Intersectionality: Understanding Our Students’ Multifaceted Identities
Presenters: Sarah Stevens (University of Southern Indiana), Courtney Drew (Rotary International), Craig McGill (Florida International University)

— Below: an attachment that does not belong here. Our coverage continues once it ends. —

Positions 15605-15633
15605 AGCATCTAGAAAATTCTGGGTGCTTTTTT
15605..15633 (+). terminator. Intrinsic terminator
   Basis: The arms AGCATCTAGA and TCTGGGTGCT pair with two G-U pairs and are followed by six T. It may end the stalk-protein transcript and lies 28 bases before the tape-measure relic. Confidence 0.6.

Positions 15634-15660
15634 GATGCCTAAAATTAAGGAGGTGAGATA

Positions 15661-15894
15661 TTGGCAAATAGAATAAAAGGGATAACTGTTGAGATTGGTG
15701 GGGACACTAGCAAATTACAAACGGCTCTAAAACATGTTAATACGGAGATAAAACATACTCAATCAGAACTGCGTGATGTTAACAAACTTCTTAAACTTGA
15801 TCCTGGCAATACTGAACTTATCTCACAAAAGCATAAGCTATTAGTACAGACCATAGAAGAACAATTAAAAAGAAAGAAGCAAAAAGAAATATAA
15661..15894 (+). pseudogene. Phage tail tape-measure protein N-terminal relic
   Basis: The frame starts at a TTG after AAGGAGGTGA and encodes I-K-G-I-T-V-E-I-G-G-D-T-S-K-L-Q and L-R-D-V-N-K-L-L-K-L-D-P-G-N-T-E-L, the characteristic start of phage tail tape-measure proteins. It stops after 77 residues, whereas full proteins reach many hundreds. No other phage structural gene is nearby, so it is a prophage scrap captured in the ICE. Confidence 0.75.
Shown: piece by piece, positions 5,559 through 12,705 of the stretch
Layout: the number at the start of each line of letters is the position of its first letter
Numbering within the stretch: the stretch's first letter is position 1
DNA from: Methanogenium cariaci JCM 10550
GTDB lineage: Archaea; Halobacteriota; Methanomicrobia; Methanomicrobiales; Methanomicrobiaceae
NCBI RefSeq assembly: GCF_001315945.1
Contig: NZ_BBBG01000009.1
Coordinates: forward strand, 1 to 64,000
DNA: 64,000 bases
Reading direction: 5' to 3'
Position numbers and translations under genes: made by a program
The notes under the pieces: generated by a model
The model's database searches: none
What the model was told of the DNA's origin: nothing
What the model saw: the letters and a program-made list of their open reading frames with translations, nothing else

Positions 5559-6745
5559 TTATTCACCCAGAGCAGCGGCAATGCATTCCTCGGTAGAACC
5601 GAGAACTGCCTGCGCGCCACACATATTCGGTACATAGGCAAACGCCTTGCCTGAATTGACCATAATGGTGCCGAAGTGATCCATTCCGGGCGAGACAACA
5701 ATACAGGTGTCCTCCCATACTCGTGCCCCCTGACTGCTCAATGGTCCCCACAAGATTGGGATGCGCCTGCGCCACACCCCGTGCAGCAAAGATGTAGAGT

In an April 2015 NACADA Webinar, a team of panelists, sponsored by the NACADA Diversity Committee, came to the Webinar platform to discuss Academic Advising and Social Justice: Privilege, Diversity, and Student Success, laying the foundation for the topic in this venue. They shared information and discussed strategies designed to help advisors form stronger relationships with students, identify challenges and roadblocks faced by students, create individualized solutions to increase student success, and reconceptualize advising around issues of social justice. Attendees for this event requested more information related to social justice and advising. One said, "I think it should be a series on social justice issues where you look at things in a particular way that will empower others." Our panelists agreed, and therefore Sarah E. Stevens (University of Southern Indiana) returned, joined by Craig McGill (Florida International University) and Courtney Drew (Rotary International), to discuss how the concept of intersectionality can inform our relationships with students, our advising practices, and the ways in which we foster student success. In advising, we often think about the separate needs of specific student populations. What we may fail to understand, however, is that none of our students possesses a single identity factor. Intersectionality provides an understanding of the multi-layered identities inhabited by our students (and ourselves). Grounded in reference to theorists such as Audre Lorde, Patricia Hill Collins, and Evangelina Holvino, our presenters considered how we can create our own intentionally intersectionalist approach to deepen both our understanding of student needs and our critical self-reflections as advisors.